Inkwell Media, formerly Inkwell Design

Stuff & nonsense

As the title says, this page is for random things which take my interest. There's some landscaping, construction, wood work and stone carving.

Click the thumbnails below for expanded galleries.

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Patio build

My back garden is on a significant slope, so it needed to be terraced to create an effective patio. This turned out to be a pretty big project. I needed to excavate down about three feet to lay foundations, a lot of it through rocks and hardcore. Thankfully Tommy, my father-in-law, is pretty handy in construction and carpentry among other things, and was able to help me out with the tools and knowhow to get the job done.

Once the excavating was done and the foundations were set, the rest was relatively easy. The circular stone paving slabs are sandstone, provided by a local quarry, and the brickwork is a morterless system, intended for low retaining walls.

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Herb planter build

I overestimated the amount of bricks needed for the patio (quantity surveying is not my strong point) and had enough left to create a herb planter. The project was very similar to the patio, but on a much smaller scale, thankfully. The patio was back-breaking work.

I also had enough to make a single long step, to help with the terracing. The upper section is covered with local quartz gravel, while the lower is covered in plum slate (at my wife's suggestion). I think the contrast worked out really well, especially with some planting. The uneven pavers in the last image come from the same quarry as the patio stones.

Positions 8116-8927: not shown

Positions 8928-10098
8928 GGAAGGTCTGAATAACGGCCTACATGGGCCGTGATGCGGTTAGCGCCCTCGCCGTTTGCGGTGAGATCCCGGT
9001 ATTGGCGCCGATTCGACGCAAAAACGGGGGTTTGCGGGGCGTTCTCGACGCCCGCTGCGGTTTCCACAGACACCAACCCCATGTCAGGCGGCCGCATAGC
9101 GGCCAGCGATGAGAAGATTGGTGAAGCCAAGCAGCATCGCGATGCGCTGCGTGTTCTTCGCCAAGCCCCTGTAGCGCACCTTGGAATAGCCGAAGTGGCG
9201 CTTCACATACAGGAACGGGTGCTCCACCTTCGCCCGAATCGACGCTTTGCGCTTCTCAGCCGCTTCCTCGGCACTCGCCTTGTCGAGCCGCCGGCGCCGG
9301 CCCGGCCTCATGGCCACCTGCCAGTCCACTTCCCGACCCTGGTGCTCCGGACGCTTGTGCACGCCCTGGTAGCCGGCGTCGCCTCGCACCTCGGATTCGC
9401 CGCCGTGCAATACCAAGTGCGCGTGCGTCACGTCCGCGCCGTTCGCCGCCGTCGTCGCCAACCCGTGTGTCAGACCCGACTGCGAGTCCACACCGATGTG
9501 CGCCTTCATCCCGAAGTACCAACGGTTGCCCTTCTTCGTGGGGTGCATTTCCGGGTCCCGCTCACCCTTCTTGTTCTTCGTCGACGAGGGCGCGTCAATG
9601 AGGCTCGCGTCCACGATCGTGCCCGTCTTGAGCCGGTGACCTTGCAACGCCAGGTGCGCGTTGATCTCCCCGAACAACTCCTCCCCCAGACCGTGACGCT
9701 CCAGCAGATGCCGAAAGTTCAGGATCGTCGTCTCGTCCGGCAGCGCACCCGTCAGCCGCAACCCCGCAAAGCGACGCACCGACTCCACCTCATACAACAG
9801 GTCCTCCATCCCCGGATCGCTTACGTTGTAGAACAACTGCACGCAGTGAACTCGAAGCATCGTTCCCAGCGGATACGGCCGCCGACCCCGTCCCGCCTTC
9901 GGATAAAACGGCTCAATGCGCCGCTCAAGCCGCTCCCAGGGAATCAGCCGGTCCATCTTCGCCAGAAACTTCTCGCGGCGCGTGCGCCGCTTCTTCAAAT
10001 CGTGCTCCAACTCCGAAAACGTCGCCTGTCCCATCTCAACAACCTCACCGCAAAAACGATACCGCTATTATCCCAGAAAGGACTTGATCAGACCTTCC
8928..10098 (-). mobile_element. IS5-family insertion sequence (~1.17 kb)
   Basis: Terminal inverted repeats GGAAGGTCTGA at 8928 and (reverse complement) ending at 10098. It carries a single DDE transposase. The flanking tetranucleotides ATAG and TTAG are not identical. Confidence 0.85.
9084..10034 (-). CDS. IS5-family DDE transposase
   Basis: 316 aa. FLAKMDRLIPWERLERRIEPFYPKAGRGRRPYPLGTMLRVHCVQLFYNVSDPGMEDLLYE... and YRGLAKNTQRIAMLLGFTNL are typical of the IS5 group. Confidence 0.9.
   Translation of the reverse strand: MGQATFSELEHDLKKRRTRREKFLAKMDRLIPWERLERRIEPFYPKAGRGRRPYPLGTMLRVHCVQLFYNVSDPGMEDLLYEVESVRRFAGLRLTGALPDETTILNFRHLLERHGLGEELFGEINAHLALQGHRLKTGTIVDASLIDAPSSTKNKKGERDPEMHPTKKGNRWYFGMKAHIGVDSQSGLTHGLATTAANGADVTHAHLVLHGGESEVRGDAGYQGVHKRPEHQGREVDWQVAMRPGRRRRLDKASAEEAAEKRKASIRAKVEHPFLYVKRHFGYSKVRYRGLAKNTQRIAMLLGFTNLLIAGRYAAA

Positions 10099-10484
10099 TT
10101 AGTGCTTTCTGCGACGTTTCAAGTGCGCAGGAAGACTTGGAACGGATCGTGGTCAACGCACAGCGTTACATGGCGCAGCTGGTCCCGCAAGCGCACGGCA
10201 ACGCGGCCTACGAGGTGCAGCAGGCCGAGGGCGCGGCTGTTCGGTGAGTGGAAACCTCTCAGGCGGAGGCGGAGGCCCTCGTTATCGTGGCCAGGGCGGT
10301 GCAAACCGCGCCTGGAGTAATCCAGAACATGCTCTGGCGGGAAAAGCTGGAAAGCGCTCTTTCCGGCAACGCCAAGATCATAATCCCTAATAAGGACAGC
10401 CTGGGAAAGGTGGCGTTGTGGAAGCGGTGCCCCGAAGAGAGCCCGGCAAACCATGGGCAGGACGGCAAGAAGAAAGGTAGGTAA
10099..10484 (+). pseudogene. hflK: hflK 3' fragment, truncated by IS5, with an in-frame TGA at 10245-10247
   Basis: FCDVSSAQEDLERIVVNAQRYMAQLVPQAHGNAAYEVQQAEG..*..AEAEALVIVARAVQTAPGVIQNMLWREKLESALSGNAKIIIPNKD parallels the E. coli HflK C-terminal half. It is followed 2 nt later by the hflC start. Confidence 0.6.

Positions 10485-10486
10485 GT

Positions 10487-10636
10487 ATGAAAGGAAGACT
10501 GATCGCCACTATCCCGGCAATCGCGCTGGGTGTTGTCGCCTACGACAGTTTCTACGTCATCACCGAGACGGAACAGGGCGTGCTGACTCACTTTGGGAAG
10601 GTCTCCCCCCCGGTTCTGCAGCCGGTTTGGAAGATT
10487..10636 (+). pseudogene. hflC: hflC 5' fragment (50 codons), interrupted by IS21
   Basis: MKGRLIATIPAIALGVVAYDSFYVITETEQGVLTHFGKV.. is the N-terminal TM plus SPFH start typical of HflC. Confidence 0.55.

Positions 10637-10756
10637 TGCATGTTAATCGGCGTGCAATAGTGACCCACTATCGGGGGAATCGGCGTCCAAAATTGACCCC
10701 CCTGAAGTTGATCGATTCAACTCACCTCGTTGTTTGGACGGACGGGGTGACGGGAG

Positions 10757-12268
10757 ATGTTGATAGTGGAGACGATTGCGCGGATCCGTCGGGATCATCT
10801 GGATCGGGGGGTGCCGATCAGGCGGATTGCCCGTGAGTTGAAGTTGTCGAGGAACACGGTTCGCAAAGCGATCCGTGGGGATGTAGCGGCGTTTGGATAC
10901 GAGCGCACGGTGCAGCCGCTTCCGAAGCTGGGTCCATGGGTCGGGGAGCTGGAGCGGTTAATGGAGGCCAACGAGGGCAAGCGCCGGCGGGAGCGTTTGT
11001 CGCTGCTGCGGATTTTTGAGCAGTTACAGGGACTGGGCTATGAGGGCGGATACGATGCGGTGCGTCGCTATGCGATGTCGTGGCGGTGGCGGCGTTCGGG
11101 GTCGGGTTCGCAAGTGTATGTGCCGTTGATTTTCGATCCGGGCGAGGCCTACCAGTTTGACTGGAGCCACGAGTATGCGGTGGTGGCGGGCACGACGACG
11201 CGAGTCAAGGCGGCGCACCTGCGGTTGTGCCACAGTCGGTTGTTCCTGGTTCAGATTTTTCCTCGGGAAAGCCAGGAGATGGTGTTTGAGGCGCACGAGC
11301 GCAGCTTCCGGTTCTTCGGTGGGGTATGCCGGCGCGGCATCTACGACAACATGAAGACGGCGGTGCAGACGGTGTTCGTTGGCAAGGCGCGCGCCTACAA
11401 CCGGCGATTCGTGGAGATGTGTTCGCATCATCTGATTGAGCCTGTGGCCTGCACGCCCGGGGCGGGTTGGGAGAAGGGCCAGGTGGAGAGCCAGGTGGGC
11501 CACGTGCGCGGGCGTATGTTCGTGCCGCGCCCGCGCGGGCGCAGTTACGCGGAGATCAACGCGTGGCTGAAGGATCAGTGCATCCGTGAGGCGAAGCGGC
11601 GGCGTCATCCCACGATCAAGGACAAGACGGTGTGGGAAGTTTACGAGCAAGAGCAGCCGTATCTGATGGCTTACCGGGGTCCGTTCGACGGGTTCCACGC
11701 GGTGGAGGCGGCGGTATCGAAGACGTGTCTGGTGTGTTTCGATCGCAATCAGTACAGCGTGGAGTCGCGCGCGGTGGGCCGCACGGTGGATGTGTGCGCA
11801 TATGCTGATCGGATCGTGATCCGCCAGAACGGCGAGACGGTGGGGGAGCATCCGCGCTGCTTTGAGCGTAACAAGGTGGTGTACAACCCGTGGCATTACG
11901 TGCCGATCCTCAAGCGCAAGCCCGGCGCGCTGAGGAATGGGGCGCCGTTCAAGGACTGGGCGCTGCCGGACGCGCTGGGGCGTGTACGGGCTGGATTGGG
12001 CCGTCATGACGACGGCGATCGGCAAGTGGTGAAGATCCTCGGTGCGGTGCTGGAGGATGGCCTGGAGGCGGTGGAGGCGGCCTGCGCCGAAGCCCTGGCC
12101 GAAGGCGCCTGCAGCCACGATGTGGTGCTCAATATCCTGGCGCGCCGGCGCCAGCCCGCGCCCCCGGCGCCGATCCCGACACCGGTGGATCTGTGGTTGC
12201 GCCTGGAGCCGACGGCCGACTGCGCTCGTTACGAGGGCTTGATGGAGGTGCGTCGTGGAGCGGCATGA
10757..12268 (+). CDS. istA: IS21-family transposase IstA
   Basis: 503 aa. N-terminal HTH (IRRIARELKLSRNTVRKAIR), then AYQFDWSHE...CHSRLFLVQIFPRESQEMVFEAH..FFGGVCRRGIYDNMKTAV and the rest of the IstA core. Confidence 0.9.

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Barbeque build

This build and some minor landscaping around it, has more or less brought the landscaping at the rear of the house to a finish. You can see the plans (and some errors I made) in the thumbnails. The images also show the process for pouring the reinforced concete slabs. These worked out well, although I didn't use nearly enough concrete dye and ended up painting the slabs in the end.

The arch and chimney were built around a wooden form, sadly, I've lost the images of that. The door and shelf are made from pressure treated fencing, with a walnut all weather stain to finish. The hinges and latch are black cast iron, courtesy of Amazon. The side facing the patio felt very tall and imposing, so I added a small planter for a clematic and some bedding flowers.

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Sandstone Rose

Local sculptor Redmond Herrity began teaching a stone carving course at LYIT. It was something I hadn't tried before and I found it both addictive and theraputic. Our first project was to carve this stone rose.

This form is a good introduction to carving as it combines sharp edges, curves, bowls and overhangs. Sandstone is quite soft and a good stone to begin with. All the work was carried out with a single small carbide chisel and a riffler and finished with sandpaper. The riffler is a sort of curved rasp, shaped somewhat like a spoon. It's invaluable in shaping and smoothing the bowls and curves.

The eight of us who took the class finished with an exhibition at An Grianán Theater, Letterkenny. It was opened by Patsaí Dan, the King of Tory.

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Workshop Build

Tommy had given me this old school work bench a while back (on teh right). The vices were really handy, but the work surface was a bit low. I raised it about four inches — high enough to be comfortable and also to act as a feed table for the table saw. At teh same time I built the second bench on the left. Combined, they give me a good work surface and plenty of room underneath to store tools.

The cabinet is made from birch ply, a nice material to work with. It's very stable, has no voids and finishes well. The next project in here will be to get the shop vac properly plumbed in.

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Camera shelving unit

Some people know I collect old cameras. I particularly like the old rangefinders. I don't have anything too fancy — a twin lens Rolleiflex is probably the best of the collection. The lot range from 35mm slrs, through disk cameras, Brownies, rangefinders, polaroid to bellows medium format cameras.

In short, the place was getting cluttered with cameras. So I built this shelving unit to house some of them and get them out of the way. It's built from the same birch ply used in the workshop, stained black to match all the Ikea stuff in my office and finished with Polyurethane.